If you’ve undergone a recent dental procedure, you might have undergone a sealant treatment that many patients are unfamiliar with. Sealants are thin layers of plastic applied to the tooth’s surface, reducing tooth decay and safeguarding the underlying tooth.

Upon application, sealants quickly adhere to the tooth’s surface. This plastic coating is a protective barrier for the enamel covering the chewing and grinding surfaces, typically applied to flatter back teeth like molars and premolars. This precautionary measure shields these teeth from bacterial buildup in the spaces between the cusps, areas where brushing and flossing may not be as effective.

While regular oral care removes most food and sugar particles, the rear teeth, due to their anatomy, can be susceptible to buildup. Sealants act as a preventive measure by “sealing” the tooth and preventing this buildup from contacting the enamel.

Although applying sealants is straightforward, it’s not universally recommended for all patients. Typically, dentists opt to place sealants on children and teenagers, mainly when they first develop premolars and molars. This proactive approach aims to protect their teeth when they are more susceptible to cavities. However, dentists may also consider applying sealants to the molars of adults with tooth decay or existing fillings.

In certain situations, dentists may place sealants on a patient’s baby teeth to promote their health and contribute to the proper development of adult teeth. Preserving baby teeth is crucial for maintaining adequate spacing for subsequent adult teeth, and early loss of baby teeth may necessitate additional measures for proper spacing or alignment when the adult teeth emerge.

The process of applying sealants is relatively quick and entirely painless. However, ensuring proper sealant placement involves following steps to guarantee effective adherence to the teeth and prevent the sealing in of any bacteria.

  • Thorough cleaning – The teeth slated for sealing must be thoroughly cleaned to eliminate any cavity-causing bacteria. It prevents bacteria from being trapped beneath the sealant and provides an optimal surface for the sealant to bond to.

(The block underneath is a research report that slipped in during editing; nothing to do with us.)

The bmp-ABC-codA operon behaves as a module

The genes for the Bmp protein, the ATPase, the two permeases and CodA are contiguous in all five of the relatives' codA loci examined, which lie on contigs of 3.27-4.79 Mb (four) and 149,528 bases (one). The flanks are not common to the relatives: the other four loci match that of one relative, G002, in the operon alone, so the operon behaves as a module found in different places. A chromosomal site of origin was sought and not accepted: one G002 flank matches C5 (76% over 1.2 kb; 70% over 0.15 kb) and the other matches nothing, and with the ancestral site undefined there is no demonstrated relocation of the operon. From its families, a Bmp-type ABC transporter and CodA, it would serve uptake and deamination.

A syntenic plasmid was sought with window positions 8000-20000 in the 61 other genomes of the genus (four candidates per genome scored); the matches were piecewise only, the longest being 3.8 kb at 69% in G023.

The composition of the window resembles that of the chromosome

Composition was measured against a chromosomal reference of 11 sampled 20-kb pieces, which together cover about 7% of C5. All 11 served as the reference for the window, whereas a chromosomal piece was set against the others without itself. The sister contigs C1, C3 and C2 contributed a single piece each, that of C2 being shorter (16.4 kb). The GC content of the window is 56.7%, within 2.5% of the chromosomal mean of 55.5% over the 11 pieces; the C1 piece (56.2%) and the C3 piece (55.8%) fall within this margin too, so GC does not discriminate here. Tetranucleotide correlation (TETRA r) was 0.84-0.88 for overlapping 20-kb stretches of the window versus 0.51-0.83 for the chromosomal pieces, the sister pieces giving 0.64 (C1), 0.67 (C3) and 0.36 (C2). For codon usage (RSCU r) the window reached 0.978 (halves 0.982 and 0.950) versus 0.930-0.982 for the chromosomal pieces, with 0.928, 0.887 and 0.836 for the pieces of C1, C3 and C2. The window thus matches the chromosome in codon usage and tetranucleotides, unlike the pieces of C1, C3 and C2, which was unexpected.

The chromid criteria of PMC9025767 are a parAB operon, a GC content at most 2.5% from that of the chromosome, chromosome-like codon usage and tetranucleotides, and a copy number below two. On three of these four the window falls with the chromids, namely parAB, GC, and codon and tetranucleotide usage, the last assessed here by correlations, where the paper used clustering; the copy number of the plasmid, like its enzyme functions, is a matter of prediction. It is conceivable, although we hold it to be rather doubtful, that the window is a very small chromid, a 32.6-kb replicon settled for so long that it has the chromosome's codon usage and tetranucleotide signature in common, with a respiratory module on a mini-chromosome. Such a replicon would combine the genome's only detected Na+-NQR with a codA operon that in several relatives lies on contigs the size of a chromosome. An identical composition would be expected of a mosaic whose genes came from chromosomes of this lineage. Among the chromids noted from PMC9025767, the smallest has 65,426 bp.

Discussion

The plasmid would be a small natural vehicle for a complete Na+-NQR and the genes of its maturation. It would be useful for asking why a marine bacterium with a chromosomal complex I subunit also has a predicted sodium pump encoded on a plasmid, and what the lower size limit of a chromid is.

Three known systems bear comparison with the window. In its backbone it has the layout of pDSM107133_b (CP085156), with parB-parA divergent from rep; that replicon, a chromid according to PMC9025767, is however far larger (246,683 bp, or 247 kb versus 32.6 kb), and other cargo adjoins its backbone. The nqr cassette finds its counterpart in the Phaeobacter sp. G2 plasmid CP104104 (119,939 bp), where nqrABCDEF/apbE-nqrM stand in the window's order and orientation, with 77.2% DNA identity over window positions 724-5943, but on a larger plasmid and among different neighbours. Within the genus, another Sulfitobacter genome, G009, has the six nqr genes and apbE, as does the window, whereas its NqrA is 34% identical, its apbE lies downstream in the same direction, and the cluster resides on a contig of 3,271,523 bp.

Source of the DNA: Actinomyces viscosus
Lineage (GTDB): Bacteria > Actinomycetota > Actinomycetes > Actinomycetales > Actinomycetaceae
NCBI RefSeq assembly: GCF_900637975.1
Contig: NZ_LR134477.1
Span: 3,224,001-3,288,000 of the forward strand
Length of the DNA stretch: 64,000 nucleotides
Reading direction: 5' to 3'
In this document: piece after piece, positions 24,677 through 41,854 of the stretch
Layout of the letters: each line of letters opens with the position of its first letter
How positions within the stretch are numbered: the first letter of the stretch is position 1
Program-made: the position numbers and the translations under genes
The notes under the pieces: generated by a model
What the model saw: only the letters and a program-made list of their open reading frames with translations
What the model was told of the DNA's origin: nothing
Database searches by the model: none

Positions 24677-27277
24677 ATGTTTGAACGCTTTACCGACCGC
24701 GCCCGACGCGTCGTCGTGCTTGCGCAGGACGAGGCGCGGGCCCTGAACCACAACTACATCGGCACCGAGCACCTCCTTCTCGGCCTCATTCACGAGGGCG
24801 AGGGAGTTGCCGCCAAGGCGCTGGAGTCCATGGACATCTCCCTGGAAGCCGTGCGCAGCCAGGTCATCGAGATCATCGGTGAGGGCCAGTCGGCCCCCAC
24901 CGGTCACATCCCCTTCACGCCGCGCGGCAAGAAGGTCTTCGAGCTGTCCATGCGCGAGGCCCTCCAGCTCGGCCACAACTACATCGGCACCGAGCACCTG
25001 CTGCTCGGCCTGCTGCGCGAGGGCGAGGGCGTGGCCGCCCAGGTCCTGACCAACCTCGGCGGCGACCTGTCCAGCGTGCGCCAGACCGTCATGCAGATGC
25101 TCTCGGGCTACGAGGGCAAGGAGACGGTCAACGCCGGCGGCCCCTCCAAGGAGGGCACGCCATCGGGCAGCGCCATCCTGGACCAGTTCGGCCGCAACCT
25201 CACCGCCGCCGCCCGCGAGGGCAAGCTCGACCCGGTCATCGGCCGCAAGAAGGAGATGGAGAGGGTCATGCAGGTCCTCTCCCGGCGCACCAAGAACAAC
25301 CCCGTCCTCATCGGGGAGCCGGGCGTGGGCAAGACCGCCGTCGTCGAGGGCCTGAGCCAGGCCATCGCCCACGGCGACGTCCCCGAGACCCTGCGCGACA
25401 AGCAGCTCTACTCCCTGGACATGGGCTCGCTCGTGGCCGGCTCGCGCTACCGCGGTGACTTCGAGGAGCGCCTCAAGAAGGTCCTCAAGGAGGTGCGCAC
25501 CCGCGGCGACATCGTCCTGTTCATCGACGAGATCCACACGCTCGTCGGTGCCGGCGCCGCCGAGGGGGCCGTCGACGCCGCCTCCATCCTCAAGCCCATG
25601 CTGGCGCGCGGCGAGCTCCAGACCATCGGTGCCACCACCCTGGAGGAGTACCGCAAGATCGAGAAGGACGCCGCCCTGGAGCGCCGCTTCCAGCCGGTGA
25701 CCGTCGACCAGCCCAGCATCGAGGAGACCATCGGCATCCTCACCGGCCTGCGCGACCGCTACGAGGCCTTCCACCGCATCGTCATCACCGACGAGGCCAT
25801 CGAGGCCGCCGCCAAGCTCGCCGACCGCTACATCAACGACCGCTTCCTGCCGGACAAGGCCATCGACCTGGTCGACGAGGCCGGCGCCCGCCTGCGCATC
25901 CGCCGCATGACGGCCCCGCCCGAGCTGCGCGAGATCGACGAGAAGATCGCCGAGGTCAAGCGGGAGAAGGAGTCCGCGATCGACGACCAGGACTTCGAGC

• Drying the tooth – A dry tooth is essential for proper sealant adhesion. Each tooth is carefully dried, and a piece of cotton or another material is placed around it to maintain a moisture-free environment.
  • Surface roughening – The smooth surface of the tooth is not conducive to sealant adhesion. An acid solution is applied to roughen the tooth’s texture, providing increased surface area for the sealant to cling to effectively.
  • Rinsing and drying – The tooth is then rinsed and dried to remove the acid solution thoroughly.
  • Applying the sealant – The sealant is brushed onto the tooth enamel, creating a bond with the tooth. In some cases, a special light may cure the sealant, further enhancing the hardening of the protective coating.

Sealants have a limited lifespan and are typically designed to endure for approximately ten years. Nevertheless, certain individuals may experience chipping or wearing down of their sealants before the designated timeframe. Therefore, it is crucial to maintain regular dental visits to allow for periodic inspections of the sealants and prompt correction of any potential issues that may arise.

Dental sealants offer an effective means of adding an extra protective layer to your teeth. By applying a thin plastic coating to the enamel of molars and premolars, sealants create a barrier that prevents sugars and bacteria from coming into direct contact with the tooth’s surface. If you’re contemplating the potential benefits of sealants, contact us today to arrange an appointment and determine if they suit you.